I was very happy when the Honourable Company of Master Marines invited me to speak here tonight. I felt my credentials for coming among you were fairly good. After all, is not my father a master mariner and a member of the Honourable Company in Australia? But my lineage is longer than that. In 1633 one Samuel Sturmy (without an ‘e’) was born in Gloucester and died in Bristol in 1669. He was buried at Easton-in-Gordano and there is a wooden memorial tablet to him in the nave of St George’s church there. In 1669 Captain Sturmy published his famous book The Mariner’s Magazine. Despite his short life and his time away from home on his voyages he was succeeded by a son, and I like to think that nearly 300 years later the name Sturmey, with the same initials, on a book connected with shipping represents family continuity and not merely coincidence. Regrettably, looking at the picture in Mr Kenney’s book The Quadrant and the Quill, the facial resemblance between the man I am trying to claim as my ancestor and myself is not strong.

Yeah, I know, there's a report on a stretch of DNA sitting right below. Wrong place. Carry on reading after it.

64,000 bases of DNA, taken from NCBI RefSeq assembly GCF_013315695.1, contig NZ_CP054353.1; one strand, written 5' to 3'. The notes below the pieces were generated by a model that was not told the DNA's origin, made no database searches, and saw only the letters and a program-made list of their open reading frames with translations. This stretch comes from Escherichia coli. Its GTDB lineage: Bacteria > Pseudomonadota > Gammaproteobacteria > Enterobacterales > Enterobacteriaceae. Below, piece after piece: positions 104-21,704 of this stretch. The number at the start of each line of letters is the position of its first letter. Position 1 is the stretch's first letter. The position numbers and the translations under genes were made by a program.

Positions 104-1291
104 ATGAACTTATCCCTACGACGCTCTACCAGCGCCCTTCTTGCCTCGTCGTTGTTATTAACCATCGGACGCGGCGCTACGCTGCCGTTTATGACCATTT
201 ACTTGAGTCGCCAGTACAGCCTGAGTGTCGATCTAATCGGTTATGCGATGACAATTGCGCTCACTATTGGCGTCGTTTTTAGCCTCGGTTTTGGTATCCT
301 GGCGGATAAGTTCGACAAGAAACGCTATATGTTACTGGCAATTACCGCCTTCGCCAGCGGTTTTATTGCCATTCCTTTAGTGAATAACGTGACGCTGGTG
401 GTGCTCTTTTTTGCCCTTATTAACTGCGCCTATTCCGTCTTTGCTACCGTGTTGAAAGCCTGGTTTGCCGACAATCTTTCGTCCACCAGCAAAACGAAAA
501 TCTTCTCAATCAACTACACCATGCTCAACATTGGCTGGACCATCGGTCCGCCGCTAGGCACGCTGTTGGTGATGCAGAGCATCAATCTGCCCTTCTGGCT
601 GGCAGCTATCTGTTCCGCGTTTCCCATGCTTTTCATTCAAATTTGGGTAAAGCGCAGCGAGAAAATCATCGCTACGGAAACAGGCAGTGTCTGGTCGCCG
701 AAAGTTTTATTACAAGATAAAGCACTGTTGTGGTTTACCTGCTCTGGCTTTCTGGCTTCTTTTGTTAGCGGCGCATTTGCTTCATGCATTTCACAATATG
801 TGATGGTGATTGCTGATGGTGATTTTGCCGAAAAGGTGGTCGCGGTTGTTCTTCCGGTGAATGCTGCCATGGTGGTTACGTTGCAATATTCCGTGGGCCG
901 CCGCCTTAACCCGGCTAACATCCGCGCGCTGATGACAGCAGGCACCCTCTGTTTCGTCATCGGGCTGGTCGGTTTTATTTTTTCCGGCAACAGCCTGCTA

KeywordsWorld Trade Internal Constraint Honourable Company Shipping Economic Facial Resemblance
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